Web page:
Guest Author - Connie Krochmal
The living stones are fascinating little succulents. The common name refers to their pebble-like appearance. The Latin name Lithops comes from the Greek meaning stone. These are also called pebble plants and stone plants.
These plants are members of the Aizoon family. They were originally native to South Africa. These plants have pairs of tiny, stone-like leaves. The top of the foliage is perfectly flat except for the cleft that separates the pair into two leaves. As the leaves mature, a new set of leaves will emerge from the cleft. As the new set of leaves expand and mature, the old set of leaves will disappear with time.
These leaves are highly modified. They have windows that enable the plant to absorb sunlight even when the living stones are mostly covered over by sand.
The plants have an active growth period during the spring and summer. They usually bloom during the autumn. However, the flowering time can depend somewhat on the species. The white flowering species are more likely to bloom during the late summer and fall. On the other hand, the ones with yellow flowers will bloom during mid-summer. The flowers are quite spectacular, and are much larger than the leaves. They’re shaped much like daisies.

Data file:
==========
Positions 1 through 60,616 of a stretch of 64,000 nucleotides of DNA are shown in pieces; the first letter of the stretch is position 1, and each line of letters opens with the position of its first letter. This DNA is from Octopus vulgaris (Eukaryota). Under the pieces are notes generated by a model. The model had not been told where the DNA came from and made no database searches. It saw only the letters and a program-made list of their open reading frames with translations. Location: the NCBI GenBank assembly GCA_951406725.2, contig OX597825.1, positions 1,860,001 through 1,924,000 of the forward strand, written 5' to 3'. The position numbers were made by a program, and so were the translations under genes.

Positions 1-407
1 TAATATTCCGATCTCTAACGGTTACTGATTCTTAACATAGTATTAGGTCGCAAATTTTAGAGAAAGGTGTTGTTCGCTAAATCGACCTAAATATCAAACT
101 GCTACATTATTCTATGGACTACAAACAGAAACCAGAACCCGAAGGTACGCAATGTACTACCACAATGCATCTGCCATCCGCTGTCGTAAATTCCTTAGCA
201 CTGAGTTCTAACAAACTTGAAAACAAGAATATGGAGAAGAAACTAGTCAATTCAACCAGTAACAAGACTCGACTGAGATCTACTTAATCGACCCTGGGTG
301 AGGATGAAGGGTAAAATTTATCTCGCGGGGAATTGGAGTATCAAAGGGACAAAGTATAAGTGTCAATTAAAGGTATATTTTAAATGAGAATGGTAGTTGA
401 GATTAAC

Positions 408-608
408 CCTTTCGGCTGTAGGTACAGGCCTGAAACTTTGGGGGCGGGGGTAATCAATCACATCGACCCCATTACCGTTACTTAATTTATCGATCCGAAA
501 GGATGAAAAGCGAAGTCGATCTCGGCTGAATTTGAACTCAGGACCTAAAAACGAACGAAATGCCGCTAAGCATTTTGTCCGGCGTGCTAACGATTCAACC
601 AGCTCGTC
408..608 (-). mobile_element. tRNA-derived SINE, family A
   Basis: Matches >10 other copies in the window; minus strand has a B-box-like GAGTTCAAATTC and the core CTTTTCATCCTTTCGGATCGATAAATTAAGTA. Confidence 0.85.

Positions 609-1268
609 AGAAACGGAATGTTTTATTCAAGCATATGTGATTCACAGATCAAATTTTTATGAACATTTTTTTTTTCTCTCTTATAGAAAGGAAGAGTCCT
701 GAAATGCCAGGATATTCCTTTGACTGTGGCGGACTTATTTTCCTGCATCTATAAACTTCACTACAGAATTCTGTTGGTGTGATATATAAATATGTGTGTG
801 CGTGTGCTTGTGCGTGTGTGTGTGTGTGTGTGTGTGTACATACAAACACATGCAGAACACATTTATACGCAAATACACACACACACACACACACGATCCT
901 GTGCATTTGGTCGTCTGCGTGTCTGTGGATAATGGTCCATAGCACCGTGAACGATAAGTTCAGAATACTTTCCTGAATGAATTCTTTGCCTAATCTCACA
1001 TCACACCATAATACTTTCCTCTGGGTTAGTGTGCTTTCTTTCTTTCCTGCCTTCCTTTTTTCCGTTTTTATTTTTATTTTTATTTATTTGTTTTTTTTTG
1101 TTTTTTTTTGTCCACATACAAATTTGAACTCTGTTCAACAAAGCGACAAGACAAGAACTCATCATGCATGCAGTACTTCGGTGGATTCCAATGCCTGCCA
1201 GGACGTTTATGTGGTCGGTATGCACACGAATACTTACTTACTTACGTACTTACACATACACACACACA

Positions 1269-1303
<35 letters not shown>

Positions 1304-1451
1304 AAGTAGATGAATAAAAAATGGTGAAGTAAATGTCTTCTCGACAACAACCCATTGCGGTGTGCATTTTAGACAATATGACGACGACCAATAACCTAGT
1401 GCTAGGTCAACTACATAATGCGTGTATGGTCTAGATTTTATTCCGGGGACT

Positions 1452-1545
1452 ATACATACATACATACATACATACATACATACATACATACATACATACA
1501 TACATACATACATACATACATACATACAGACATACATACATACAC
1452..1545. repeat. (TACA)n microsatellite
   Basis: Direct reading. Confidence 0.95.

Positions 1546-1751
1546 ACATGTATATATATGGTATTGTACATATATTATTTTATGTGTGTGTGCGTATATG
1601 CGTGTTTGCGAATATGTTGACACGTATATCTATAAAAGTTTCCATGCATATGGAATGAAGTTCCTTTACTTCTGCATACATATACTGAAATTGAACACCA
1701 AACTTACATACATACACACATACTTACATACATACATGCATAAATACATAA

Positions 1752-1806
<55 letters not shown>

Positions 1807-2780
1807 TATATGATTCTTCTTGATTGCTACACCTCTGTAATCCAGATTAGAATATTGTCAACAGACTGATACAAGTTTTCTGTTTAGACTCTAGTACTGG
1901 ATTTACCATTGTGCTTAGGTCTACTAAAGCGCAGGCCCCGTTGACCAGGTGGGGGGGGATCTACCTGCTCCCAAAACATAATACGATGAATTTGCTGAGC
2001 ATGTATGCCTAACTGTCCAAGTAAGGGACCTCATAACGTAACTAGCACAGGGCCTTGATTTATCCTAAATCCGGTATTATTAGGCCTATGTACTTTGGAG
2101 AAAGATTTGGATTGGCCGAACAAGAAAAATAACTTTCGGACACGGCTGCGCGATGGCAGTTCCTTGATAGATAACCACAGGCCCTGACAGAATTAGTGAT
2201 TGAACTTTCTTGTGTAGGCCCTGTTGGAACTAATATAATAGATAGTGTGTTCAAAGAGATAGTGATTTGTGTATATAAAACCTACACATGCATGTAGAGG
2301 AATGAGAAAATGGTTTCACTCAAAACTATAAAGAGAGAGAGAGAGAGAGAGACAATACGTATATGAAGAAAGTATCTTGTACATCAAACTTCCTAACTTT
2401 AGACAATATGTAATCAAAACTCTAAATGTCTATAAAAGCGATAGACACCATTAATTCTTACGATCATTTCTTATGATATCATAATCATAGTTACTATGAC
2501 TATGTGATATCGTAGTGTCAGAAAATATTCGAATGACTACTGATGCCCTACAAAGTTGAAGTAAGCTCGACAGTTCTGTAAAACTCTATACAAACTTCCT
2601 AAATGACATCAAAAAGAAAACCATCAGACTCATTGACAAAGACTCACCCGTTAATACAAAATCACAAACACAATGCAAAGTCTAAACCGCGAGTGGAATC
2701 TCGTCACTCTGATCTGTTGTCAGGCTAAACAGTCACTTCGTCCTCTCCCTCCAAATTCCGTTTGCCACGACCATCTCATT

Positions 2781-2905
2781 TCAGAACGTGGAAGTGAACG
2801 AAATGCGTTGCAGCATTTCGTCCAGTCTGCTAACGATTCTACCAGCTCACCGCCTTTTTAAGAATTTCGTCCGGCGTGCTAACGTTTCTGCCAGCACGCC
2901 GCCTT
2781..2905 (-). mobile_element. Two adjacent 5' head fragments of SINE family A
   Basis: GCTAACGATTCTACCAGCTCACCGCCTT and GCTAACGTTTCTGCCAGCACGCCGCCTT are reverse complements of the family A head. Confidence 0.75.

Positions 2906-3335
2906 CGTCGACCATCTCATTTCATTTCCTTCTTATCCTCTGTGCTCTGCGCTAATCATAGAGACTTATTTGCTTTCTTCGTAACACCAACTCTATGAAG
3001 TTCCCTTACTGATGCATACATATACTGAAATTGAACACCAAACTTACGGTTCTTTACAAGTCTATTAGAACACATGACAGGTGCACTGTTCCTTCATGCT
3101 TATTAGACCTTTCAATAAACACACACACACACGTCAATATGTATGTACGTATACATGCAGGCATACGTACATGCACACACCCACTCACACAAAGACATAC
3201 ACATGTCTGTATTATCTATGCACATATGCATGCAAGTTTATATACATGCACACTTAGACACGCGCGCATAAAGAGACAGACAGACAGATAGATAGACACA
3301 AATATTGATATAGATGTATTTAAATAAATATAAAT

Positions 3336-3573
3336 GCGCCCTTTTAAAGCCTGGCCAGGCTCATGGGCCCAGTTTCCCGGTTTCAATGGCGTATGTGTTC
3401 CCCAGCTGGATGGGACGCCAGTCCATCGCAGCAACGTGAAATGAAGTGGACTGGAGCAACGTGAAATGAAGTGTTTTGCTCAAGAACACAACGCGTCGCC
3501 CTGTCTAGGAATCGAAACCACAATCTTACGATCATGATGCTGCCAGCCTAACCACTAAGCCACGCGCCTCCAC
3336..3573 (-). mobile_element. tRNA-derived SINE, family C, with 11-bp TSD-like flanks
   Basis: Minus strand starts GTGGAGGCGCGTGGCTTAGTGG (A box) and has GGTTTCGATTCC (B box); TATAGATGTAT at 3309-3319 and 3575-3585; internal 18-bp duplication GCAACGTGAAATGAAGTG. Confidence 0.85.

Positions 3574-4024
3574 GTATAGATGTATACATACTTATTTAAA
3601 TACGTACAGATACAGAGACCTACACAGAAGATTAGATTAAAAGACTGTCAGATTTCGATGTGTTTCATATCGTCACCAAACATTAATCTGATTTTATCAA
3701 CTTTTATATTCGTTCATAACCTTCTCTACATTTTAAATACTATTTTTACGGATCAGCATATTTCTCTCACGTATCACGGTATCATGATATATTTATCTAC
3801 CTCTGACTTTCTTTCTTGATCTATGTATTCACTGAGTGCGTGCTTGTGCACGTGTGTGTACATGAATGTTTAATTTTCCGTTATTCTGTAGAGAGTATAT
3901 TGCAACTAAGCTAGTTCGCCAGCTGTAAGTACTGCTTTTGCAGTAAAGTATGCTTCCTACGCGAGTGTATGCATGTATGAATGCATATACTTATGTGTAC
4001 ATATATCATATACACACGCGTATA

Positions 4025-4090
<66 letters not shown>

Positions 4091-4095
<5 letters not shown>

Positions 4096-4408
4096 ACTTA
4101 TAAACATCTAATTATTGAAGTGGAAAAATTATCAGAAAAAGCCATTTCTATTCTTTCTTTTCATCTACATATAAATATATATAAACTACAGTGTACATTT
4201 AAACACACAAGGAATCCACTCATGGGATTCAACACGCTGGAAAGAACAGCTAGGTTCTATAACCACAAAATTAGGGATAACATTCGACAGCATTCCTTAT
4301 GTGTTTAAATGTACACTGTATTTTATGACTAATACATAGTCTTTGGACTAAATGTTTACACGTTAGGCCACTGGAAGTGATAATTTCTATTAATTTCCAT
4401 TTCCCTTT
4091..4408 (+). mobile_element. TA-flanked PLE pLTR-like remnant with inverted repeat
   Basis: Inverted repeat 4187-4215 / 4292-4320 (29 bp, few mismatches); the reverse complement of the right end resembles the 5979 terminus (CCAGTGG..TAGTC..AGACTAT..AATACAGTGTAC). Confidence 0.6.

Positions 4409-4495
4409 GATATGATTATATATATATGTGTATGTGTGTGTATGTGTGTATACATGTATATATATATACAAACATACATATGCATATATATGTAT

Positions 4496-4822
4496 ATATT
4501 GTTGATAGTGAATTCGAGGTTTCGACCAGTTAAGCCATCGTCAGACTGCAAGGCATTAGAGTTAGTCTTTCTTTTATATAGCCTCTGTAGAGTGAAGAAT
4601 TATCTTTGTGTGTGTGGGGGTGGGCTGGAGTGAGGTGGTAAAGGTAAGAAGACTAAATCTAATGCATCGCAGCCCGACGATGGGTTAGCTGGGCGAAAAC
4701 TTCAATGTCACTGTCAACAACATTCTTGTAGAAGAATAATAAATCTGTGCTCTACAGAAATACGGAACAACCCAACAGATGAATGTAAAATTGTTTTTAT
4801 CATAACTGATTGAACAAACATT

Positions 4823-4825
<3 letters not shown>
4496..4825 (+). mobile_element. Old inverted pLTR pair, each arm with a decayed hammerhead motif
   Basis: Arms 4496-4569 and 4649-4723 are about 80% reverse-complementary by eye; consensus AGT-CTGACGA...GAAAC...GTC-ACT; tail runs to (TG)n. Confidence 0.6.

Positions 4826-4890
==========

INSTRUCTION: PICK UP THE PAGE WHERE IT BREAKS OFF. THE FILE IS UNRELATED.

The living stones must have a quick draining soil. Grit or sand is usually added to the potting soil. During their resting period, they need to be kept in a cooler place. These plants can tolerate a relatively cool temperature during the winter. However, it is best not to go below 50 degrees Fahrenheit.
The plants should remain dry when they’re dormant. For the rest of the year they will only need to be watered lightly. If you’re a gardener who tends to overwater plants, then avoid growing the living stones. Overwatering will kill them for sure.
These are very dwarf plants. They only reach an inch or so in height. However, each plant can expand and become a large cluster as large numbers of the leaf pairs emerge.
In some cases the tops of the leaves are elaborately colored with marbling. There can be intricate patches of contrasting colors so that the plant resembles a bird’s egg.